Communities : Wingham Village : History

Wingham Village
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Introduction to the History of Wingham

Surrounded by rich soil and blessed with a comparatively mild climate, this would have been an ideal place for human habitation and was settled by migrants from mainland Europe. Paleolithic artifacts have been found at Wingham Well and Recent finds at Minster in Thanet suggest that the area held significant importance to the people of the Bronze_Age
The Romans
When the Romans first visited Britain in 54 BC the Isle_of_Thanet was separated from the mainland by the Wantsum Channel.  Two wide and navigable inlets or estuaries reached inland. One to where Canterbury now stands and one to the mouth of what is now called Wingham_River.
During the Roman Occupation (43AD-410AD) roads to Dover, Folkestone, and Hythe converged here. Another led to Watling Street, the main Richborough (Rutupiae) to London London (Lundinium). 
The gravel banks to the east of the Wansum had helped to ensure calm waters in the natural harbours, but later caused a build up of silt washed down by the River Stour. Some of the houses in Wingham stand where Roman Galleys may once have moored. The maritime tradition of the village is evidenced in the names of two of its public houses The Anchor and the Ship (now a private dwelling). The village now lies almost 10 miles from the sea.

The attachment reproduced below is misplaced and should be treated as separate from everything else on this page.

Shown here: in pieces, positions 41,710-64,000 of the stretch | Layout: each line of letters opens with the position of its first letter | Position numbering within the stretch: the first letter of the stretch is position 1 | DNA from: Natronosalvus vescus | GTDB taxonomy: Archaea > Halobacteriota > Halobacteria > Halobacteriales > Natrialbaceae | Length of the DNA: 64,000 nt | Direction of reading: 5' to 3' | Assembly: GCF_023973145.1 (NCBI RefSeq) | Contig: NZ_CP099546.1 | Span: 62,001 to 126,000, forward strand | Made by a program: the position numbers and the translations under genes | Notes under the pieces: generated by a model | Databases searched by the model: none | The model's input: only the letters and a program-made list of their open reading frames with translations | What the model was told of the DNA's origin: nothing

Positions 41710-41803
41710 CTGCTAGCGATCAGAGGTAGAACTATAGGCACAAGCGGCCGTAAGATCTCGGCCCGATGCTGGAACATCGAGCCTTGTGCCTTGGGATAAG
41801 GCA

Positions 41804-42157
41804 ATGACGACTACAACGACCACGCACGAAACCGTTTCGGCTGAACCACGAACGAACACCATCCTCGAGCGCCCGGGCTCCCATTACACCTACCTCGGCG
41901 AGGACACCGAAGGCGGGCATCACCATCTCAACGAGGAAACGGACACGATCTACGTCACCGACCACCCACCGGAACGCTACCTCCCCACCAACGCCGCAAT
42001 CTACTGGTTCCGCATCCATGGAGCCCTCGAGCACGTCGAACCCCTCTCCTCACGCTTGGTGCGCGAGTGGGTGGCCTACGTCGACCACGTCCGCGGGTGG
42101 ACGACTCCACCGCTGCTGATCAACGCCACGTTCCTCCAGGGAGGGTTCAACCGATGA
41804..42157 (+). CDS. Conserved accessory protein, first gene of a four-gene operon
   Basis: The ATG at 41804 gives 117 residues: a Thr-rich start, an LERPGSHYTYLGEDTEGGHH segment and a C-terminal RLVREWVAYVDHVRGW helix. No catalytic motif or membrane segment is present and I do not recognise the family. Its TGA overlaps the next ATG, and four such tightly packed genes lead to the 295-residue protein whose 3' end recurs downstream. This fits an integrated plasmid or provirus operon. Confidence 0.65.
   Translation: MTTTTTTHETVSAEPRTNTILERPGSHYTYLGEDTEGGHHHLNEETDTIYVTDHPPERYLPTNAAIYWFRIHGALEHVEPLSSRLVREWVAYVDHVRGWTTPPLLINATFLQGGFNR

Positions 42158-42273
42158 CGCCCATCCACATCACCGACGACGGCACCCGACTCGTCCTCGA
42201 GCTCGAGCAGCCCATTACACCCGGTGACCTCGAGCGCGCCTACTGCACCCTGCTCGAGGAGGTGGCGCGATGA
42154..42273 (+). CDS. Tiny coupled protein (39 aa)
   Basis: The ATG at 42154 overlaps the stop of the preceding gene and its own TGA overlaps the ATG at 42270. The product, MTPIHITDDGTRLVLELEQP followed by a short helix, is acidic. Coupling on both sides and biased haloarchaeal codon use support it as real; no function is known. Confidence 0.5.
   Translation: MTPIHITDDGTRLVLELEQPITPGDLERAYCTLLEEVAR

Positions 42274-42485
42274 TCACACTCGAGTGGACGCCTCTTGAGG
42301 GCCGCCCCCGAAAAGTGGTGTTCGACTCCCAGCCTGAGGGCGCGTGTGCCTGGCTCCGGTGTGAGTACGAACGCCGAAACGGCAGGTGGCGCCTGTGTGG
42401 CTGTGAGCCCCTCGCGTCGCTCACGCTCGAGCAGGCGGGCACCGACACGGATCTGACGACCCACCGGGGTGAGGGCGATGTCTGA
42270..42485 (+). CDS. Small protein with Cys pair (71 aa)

Post Roman
After the Roman departure in 410AD the area was a focus for immigrants such as Danes, Jutes and Saxons. Despite the proud Invicta motto of the People of Kent and Kentish People, the Normans too wielded their influence and Wingham has its own entry in the Domesday_Book of 1086.
During the Middle_Ages, Wingham was the halfway point between Canterbury and the then important port of Sandwich Sandwich. Several dignitaries are known to have passed through the village. 
Men from Wingham fought in World War I and World War II and the villagers at home witnessed the Battle of Britain and were involved in evacuation of Dunkirk.
Note: does not claim or intend to provide a fully comprehensive history of the Wingham Village. It is hoped that you will find the information and links provided are a good starting point for your own research. Much  of the material on the history pages is taken from:
Wingham: A Kentish Village which was produced in 1986 to commemorate the 700th anniversary of the The College of St Mary the Virgin. The book contains a number of illustrations. The text only is reproduced (by permission of the Wingham Local History Society*) on the pages listed below: 
*Wingham Local History Society  
Contact: Mr G Goodwin, Secretary Newholme, Canterbury Road, Wingham, Canterbury CT3 1NL